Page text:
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Canadian Prime Minister Stephen Harper speaks with the Party Secretary of Zhejiang Province Xia Baolong at the Zhejian State Guest House in Hangzhou, China on Friday November 7, 2014.

Adrian Wyld/The Canadian Press

Stephen Harper talked Canada-China trade with a Communist Party chief who has been accused of directing the removal of crosses from church steeples. The tête-à-tête is an example of the fine line the Prime Minister is walking as he tries to reconcile boosting trade with China, by some measures now the largest economy in the world, and serious concerns within the Conservative Party about Beijing's treatment of religious believers.

The Prime Minister's Office says Mr. Harper raised the issue of religious freedom during his Friday meeting with Xia Baolong, the Communist Party secretary of Zhejiang province, in the prosperous eastern Chinese city of Hangzhou.

Dozens of churches in Zhejiang have received orders from local authorities this year forcing them to remove visible crosses from the exterior of their building, according to the U.S.-based Christian group ChinaAid.

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A church named Gulou in Hangzhou is among those now lacking a cross on its steeple.

Xiao Dihua, a church member and caretaker, says on Aug. 12 this year, Chinese police came and took down the cross, saying it violated height restrictions and was an "illegal construction."

Another member who would only give her family name, Zhu, said the removal pains her. "You can't face God if we come here to a church without a cross," she said. "It's very hard to face God."

The New York Times, citing internal government documents, has called the manoeuvres a significant escalation in a party campaign to counter the influence of Christianity, China's fastest-growing religion.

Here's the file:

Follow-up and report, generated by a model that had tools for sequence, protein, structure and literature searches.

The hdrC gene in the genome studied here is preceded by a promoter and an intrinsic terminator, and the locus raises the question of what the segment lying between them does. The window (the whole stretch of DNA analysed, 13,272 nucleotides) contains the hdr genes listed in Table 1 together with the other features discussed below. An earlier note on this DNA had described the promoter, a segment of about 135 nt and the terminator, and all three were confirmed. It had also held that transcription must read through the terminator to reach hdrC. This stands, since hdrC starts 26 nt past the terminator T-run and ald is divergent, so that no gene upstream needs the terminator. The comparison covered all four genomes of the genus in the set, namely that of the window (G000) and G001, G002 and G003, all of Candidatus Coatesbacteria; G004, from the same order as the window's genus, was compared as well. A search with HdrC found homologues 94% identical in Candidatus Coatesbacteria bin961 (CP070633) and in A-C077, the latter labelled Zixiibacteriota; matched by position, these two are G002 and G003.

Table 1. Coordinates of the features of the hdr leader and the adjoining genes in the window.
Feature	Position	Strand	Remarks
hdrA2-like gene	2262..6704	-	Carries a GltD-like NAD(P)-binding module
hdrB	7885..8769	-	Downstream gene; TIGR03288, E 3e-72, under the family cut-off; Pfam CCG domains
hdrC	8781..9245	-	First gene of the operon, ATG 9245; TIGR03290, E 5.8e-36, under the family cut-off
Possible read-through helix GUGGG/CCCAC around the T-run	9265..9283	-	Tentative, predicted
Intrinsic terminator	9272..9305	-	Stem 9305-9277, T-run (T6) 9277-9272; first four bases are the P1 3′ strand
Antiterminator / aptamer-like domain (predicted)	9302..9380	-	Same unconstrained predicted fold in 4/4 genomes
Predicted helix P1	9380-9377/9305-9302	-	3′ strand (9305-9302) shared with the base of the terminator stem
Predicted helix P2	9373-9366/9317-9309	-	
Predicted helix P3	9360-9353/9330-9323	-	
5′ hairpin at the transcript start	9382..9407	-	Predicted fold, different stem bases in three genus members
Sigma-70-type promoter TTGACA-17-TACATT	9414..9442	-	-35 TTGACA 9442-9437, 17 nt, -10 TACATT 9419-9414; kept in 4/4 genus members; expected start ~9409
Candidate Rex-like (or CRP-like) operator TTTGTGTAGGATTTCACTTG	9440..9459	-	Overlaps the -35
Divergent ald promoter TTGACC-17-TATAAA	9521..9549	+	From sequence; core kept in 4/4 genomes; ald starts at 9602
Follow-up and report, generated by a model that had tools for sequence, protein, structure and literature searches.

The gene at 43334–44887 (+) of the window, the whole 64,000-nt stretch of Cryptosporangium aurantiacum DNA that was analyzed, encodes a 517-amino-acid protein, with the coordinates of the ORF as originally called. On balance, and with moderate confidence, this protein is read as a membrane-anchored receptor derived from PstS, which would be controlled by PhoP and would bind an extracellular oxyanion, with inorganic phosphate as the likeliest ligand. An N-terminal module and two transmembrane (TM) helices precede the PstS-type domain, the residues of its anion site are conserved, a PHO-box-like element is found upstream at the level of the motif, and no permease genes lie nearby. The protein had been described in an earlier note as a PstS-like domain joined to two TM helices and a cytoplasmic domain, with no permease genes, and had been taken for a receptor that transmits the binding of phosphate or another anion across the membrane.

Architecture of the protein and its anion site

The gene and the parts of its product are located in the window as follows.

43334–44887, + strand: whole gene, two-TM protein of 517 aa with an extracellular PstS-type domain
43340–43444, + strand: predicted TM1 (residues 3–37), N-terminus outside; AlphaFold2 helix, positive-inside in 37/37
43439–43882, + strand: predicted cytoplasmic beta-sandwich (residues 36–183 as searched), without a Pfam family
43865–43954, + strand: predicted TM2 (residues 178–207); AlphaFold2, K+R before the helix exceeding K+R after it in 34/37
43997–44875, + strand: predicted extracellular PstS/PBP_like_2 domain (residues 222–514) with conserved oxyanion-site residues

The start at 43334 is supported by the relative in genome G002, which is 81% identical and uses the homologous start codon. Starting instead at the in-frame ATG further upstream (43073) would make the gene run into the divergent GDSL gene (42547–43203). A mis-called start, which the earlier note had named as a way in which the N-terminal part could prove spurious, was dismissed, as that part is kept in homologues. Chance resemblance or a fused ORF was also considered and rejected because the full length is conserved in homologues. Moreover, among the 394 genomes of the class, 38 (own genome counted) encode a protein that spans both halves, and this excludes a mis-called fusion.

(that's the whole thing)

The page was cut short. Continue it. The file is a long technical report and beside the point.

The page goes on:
"Xia Baolong came to inspect last autumn, and he saw the cross," an official in the Wenzhou government's religious hierarchy told The Times. "He said: 'Take down the cross. It's so high, and it's not appropriate.' "

Industry Minister James Moore said the Conservatives continue to defend human rights.

"Of course there are always opportunities that we seek to not only expand free trade but certainly assert the principles of freedom and democracy and respect for human rights and diversities," Mr. Moore said.

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Ms. Zhu, the Gulou church member, said she's trying to adjust. "How can you have a church without a cross?" she asks. "We have a cross in our hearts."

Asked what Mr. Harper told Mr. Xia about the removal of visible exterior crosses, and the demolishing of churches, which is also taking place, Jason MacDonald, the director of communications for the Prime Minister, said the Conservative Leader spoke up on the matter.

"He indicated that Canadians would be concerned to know that religious freedoms were being restricted," Mr. MacDonald said.

"Beyond that it was a private conversation," he said.

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